# Automated adjoints: how much do we really know about the source of the Indian Ocean Tsunami?

Lead Research Organisation:
Imperial College London

Department Name: Earth Science and Engineering

### Abstract

Tsunamis are one of the most rapid and destructive of the geohazards which humanity faces and the Indian Ocean Tsunami of 26 December 2004 was the most powerful and destructive in recent history. In the intervening five years, much scientific effort has been expended attempting to understand the source and propagation of the tsunami. In many cases, hypotheses about the source region of the tsunami, which have been derived from geological, seismic and GPS data, have been tested by running a numerical ocean model starting from that source and comparing the results to tide gauge data and satellite altimetry taken during the actual tsunami event. These studies are an important contribution to our understanding of this devastating event, but they miss one important question: to what extent do the observations constrain the source region or could there be important differences in the source region which are not detectable in the relatively small number of observations we have to compare with? One reason that the existing studies have generally not addressed this problem is that studying the sensitivity of the model outputs to the model inputs, which is the essence of the question here, requires the use of an adjoint, or inverse, model. Producing forward ocean models is already a significant research task and producing a correct and matching adjoint model is very difficult and the resulting model system is typically very expensive in processor time to run. This project will employ exciting new software and hardware technology to vastly simplify the process of producing an adjoint model and deliver the performance increases needed to make adjoint problems tractable. The software technology in question is automatic code generation. In this approach the mathematical formulation of the finite element problem is automatically converted into highly efficient computer code. This dramatically reduces both developer effort and the incidence of code bugs. The novel aspect here will be to use this high level mathematical formulation to automatically generate the adjoint formulation, thereby avoiding the difficulty of building two models and ensuring consistency between forward and adjoint models. The novel hardware technology is graphical processing units (GPUs). Initial studies at Imperial College have indicated that automatically generated model code for GPUs can run more than twenty times faster than the equivalent code for ordinary processors. This combination of hardware and software will result in a step-change in the ease of development and the cost of running adjoint tsunami models. The resulting model will be used to conduct the missing sensitivity analysis of a number of the published tsunami source scenarios and will thereby enable us to answer the question: 'how much do we really know about the source of the Indian Ocean Tsunami?'.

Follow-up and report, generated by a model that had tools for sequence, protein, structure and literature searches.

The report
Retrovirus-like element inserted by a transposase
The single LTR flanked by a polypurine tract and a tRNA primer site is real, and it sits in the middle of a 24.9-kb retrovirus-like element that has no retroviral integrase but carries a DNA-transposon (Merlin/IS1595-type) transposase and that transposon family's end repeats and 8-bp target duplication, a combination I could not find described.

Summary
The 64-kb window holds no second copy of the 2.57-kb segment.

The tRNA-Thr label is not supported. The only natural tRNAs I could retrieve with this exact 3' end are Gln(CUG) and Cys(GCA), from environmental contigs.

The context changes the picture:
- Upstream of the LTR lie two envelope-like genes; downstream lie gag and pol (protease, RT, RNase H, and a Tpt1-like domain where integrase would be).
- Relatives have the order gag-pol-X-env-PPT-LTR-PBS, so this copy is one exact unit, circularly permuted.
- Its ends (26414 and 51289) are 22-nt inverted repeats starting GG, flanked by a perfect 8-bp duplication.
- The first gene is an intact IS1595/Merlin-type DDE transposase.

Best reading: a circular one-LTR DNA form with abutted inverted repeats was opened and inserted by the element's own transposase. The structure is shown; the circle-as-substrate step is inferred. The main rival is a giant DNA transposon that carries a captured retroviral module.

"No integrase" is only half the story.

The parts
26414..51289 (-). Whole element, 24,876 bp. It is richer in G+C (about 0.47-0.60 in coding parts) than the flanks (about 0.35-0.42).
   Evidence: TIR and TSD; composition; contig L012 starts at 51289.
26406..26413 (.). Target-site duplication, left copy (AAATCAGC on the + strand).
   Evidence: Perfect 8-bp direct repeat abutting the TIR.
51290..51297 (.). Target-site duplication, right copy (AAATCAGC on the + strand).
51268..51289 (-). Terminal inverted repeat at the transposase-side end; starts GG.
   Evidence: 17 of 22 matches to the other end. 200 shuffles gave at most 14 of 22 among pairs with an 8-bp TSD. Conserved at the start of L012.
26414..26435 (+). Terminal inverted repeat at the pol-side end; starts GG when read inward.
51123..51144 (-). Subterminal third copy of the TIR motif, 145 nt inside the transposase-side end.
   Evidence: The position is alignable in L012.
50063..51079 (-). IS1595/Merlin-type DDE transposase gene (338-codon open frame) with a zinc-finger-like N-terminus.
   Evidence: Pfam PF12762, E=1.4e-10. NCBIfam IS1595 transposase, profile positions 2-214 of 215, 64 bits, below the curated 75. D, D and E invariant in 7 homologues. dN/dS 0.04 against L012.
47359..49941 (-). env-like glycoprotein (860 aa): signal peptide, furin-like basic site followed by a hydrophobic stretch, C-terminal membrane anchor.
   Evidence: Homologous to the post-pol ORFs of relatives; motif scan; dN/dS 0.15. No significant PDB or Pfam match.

## People |
## ORCID iD |

David Ham (Principal Investigator) |

### Publications

*Automated Derivation of the Adjoint of High-Level Transient Finite Element Programs*in SIAM Journal on Scientific Computing